One might consider Elizabeth Taylor’s body of work in the 1950s and 1960s as a single, long-running melodrama about American life (of which her own participation in “real life” in various romantic scandals formed a subplot). No single work stands out as brilliantly insightful or entirely successful, but watching the various movies gives one a picture—granted, a one-sided and distorted, overly “psychological,” picture (i.e., it is missing the real driving forces in economic and social life)—of a society.
The inhabitants of this social universe are lively and not afraid to express themselves, or reticent to complain, but they are beset by corruption, greed, anxiety, conformism, racism, phony piety, status seeking, unsatisfying and corrosive personal relations. And they respond, in the only fashion apparently open to—or permitted—them, with extravagant and disordered personal behavior for the most part: alcoholism, various addictions, sexual promiscuity, escape into fantasy, violence, even madness. If the portrait is not a happy or entirely coherent one, the fault doesn’t lie with the films or filmmakers, or leading performers such as Elizabeth Taylor, but with the social order itself.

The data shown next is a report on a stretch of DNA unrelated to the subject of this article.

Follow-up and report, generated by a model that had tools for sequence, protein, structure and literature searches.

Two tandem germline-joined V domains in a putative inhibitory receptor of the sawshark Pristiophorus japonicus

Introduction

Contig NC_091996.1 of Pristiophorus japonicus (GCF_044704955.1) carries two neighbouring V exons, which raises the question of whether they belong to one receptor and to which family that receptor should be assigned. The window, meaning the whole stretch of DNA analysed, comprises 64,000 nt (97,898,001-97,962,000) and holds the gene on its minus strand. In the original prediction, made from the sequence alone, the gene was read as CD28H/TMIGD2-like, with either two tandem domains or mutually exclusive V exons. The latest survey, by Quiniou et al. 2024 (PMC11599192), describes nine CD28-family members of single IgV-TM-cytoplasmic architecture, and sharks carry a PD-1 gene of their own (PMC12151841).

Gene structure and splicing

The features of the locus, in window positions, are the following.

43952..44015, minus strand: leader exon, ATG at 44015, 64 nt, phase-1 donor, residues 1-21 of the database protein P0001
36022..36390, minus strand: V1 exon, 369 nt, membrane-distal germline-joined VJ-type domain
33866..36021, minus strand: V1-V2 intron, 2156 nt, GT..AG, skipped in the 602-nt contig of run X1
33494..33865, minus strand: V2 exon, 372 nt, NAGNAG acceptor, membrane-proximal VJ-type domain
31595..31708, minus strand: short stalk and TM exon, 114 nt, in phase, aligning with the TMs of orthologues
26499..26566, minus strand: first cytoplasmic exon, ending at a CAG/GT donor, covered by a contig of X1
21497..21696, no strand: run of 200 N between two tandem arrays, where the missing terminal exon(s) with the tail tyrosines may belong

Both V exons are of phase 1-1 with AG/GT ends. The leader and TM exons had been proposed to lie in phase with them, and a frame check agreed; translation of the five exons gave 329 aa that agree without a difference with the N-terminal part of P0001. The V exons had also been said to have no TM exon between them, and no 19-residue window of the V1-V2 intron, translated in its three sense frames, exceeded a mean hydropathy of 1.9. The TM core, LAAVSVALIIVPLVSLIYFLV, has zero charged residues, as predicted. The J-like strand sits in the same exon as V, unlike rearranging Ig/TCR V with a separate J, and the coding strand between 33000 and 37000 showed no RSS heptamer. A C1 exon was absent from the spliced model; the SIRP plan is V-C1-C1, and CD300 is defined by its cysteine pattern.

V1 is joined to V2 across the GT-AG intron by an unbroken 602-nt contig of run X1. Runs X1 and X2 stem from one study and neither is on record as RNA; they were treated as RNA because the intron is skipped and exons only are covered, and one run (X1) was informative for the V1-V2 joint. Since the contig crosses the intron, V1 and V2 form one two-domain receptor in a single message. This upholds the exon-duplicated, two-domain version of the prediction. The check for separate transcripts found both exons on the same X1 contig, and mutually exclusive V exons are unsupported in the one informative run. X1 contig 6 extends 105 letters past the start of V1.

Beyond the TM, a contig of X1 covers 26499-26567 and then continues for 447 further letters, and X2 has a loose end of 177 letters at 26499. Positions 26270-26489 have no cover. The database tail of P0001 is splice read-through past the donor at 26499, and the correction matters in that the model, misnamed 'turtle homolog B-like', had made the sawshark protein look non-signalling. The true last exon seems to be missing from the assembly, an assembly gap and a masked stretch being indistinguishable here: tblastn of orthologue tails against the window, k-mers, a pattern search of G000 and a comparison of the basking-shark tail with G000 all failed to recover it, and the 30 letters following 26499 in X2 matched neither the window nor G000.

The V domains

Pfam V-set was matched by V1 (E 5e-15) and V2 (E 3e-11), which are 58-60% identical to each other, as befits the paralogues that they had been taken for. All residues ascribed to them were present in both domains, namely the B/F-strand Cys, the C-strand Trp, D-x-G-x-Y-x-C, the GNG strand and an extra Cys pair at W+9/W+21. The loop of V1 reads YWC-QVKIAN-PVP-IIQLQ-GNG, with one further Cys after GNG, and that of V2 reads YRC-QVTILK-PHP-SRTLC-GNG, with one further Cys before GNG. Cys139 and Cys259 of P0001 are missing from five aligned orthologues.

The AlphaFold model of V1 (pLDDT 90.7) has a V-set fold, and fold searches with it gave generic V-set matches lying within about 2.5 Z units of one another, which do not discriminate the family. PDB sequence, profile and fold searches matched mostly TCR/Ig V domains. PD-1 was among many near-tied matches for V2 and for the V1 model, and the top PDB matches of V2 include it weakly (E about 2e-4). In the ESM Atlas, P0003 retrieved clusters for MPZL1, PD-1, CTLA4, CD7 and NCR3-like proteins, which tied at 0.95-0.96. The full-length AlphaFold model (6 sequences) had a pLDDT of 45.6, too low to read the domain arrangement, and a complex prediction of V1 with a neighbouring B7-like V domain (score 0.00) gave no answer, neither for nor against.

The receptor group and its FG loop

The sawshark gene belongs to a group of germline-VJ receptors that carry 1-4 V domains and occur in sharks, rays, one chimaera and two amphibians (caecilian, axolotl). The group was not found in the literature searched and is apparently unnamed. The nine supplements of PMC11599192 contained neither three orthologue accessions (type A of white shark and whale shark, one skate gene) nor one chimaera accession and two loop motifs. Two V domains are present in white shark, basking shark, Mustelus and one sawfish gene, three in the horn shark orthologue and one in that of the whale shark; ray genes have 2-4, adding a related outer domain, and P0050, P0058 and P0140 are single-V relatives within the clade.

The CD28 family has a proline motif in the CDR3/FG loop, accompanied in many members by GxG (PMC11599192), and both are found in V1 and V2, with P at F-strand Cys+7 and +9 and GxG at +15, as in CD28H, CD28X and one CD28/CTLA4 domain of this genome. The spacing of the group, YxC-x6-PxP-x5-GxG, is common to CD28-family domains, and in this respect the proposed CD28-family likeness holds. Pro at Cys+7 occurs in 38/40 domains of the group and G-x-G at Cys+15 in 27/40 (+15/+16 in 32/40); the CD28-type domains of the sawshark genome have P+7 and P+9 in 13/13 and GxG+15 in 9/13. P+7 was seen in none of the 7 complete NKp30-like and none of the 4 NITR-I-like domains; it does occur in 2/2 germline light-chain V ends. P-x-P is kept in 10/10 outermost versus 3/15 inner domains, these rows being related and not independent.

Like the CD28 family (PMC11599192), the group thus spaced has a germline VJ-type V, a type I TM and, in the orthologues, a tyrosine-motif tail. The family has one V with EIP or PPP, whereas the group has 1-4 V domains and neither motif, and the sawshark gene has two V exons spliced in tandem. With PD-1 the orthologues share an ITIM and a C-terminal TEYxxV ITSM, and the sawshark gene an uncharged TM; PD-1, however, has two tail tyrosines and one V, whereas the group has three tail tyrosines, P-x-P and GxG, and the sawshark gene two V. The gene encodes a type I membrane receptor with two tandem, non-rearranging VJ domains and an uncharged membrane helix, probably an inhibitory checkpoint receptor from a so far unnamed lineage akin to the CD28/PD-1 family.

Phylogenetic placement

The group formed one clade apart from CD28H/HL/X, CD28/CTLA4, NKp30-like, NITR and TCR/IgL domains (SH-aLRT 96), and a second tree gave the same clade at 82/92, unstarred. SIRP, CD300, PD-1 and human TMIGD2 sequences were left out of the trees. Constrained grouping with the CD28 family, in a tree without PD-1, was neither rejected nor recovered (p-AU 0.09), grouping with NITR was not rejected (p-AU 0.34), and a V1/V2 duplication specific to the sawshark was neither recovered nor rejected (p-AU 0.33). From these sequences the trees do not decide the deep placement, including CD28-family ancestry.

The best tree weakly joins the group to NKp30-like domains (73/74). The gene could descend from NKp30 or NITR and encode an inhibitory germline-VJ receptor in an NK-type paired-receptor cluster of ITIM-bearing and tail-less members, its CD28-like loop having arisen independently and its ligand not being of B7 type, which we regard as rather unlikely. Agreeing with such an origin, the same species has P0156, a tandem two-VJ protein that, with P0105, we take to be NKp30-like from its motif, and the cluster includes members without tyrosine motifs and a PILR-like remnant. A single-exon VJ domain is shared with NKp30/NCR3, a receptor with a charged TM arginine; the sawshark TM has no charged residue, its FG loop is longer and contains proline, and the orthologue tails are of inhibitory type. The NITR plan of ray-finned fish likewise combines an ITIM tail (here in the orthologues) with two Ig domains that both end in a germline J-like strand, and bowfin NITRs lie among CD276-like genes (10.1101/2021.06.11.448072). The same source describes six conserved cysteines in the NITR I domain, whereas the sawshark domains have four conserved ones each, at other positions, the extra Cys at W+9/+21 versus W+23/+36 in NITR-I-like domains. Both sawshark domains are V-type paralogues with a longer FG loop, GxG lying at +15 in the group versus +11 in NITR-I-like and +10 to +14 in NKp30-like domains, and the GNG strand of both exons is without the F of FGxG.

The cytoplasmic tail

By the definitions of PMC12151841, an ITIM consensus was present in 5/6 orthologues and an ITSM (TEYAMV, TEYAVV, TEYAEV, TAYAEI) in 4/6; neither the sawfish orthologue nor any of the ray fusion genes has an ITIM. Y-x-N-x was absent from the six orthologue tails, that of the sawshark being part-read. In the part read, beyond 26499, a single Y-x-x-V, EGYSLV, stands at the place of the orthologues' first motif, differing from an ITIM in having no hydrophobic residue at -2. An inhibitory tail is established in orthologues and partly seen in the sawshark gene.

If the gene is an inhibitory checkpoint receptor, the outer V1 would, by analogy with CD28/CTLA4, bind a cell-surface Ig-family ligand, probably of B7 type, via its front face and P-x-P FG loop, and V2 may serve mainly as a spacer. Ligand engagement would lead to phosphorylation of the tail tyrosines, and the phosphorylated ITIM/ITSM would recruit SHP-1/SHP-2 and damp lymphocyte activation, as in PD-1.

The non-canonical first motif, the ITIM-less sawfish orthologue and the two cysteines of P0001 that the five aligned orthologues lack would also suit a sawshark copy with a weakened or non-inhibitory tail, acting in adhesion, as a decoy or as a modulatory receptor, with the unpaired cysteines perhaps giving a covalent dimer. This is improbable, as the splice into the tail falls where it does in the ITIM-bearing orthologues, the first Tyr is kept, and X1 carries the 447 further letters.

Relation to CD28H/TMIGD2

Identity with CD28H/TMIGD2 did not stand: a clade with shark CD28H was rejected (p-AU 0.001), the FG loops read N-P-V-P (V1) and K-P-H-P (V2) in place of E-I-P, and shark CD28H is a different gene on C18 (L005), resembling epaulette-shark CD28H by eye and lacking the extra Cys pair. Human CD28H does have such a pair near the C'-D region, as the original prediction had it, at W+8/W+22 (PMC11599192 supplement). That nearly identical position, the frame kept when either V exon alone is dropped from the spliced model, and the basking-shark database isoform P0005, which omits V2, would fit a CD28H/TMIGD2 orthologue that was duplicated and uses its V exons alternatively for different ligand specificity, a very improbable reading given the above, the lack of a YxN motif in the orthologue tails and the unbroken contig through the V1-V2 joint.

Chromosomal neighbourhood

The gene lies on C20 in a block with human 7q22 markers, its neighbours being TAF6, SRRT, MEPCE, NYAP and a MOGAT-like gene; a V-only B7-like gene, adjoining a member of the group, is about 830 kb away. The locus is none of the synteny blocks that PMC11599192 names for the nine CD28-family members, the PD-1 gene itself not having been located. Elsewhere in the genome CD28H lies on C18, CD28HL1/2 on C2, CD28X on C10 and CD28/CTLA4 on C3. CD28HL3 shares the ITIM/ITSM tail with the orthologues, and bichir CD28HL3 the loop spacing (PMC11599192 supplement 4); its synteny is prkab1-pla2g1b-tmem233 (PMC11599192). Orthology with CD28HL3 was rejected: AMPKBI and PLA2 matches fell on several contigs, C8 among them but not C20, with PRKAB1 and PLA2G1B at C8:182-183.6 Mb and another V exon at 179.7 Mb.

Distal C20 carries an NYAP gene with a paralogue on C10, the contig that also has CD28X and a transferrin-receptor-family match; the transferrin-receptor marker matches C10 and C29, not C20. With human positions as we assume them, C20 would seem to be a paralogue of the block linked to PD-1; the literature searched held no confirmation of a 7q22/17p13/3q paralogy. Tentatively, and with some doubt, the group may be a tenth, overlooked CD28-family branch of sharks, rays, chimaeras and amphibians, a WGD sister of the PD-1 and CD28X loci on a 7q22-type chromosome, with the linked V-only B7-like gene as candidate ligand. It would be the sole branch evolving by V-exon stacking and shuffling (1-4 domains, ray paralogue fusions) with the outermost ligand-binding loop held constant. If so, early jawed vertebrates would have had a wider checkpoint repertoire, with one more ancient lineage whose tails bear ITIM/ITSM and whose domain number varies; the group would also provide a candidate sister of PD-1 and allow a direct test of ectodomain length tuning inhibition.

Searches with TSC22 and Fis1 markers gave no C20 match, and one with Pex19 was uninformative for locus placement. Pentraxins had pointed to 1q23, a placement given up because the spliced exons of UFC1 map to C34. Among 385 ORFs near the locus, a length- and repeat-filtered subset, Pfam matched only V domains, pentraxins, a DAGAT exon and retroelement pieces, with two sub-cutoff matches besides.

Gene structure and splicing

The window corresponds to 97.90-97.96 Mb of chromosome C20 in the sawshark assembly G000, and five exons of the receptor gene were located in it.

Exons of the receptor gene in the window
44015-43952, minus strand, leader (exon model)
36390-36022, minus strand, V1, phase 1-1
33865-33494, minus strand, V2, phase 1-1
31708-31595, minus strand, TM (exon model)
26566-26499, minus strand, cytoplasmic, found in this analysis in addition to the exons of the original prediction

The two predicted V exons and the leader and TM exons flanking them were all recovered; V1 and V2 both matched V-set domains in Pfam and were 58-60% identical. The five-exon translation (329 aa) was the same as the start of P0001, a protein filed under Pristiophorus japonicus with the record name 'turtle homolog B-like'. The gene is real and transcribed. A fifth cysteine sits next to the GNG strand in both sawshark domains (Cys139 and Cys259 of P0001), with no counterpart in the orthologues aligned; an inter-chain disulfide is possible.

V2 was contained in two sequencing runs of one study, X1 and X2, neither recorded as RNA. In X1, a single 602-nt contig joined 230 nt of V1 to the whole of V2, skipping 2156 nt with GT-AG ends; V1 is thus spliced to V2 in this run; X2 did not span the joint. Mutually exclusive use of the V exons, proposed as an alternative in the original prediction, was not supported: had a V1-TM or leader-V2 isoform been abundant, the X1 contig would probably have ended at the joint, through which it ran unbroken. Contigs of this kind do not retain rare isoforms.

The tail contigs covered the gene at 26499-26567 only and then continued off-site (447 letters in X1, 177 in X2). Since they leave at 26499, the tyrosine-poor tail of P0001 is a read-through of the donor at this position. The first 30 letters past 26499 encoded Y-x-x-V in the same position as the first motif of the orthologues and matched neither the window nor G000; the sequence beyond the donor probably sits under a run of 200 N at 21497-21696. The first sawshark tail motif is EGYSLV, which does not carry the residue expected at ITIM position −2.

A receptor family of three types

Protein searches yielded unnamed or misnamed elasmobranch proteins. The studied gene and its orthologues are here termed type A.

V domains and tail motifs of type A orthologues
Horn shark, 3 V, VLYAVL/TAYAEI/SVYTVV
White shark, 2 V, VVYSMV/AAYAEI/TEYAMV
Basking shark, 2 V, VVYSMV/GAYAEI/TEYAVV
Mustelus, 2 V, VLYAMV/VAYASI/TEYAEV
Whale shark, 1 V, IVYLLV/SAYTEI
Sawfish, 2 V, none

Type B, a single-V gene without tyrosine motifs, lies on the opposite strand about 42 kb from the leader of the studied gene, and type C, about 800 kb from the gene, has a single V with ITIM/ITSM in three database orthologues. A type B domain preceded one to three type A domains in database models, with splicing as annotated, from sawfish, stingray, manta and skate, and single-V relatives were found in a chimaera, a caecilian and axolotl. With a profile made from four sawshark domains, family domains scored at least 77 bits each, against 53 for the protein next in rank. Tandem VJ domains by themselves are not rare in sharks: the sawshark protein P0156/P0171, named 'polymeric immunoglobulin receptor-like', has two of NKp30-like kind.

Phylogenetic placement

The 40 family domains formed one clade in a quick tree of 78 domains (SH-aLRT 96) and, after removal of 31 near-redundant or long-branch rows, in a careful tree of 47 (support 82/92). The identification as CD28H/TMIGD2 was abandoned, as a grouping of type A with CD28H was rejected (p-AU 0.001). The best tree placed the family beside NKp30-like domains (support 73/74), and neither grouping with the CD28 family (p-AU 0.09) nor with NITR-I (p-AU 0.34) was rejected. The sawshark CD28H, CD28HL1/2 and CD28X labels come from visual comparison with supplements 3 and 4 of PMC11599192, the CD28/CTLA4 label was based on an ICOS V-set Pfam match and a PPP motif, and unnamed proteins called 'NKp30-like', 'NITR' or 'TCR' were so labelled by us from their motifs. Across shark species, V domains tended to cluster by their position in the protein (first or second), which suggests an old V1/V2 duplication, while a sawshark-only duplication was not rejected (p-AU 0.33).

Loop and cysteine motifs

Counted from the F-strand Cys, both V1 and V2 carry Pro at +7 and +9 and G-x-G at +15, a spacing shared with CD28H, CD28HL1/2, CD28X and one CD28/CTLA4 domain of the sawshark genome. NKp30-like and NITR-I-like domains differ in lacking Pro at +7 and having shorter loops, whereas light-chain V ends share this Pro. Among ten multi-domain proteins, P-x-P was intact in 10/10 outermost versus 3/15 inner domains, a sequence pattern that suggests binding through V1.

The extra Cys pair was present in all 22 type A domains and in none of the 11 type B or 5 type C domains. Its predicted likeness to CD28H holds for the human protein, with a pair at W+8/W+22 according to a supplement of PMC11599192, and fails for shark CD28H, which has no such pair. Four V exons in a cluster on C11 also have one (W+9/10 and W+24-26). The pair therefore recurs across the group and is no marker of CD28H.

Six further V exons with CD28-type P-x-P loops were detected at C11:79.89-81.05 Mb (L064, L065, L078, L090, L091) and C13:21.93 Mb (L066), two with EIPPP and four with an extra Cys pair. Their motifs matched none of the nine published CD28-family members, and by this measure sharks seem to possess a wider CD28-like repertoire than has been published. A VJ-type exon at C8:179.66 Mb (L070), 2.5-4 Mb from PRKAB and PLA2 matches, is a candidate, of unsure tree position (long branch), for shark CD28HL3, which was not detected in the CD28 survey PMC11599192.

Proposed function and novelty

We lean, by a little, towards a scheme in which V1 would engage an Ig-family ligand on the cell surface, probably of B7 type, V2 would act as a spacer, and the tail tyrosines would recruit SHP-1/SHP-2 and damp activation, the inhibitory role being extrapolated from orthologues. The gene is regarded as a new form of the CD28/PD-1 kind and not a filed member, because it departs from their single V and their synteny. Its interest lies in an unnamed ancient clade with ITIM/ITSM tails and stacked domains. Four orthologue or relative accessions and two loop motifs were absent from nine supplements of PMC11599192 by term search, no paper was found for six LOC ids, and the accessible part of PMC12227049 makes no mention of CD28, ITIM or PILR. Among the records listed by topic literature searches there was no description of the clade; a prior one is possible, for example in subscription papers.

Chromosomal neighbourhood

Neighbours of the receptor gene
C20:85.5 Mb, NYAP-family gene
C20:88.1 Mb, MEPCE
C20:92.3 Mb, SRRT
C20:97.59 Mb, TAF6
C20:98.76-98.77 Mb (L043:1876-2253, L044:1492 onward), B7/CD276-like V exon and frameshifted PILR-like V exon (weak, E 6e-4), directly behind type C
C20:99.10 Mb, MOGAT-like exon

That's from David Walsh's "Elizabeth Taylor and the melodrama of American life in the 1950s and 1960s" (WSWS). I found it to be an interesting overview of Taylor's career and agreed with much of it.
However, -- Yes, I have a however.
I find it real hard to believe that if WSWS had been around (maybe it was) in the 1970s. It was. It's been around since 1938. Sadly the online archives only go back to 1998.
Closing with C.I.'s "Iraq snapshot:"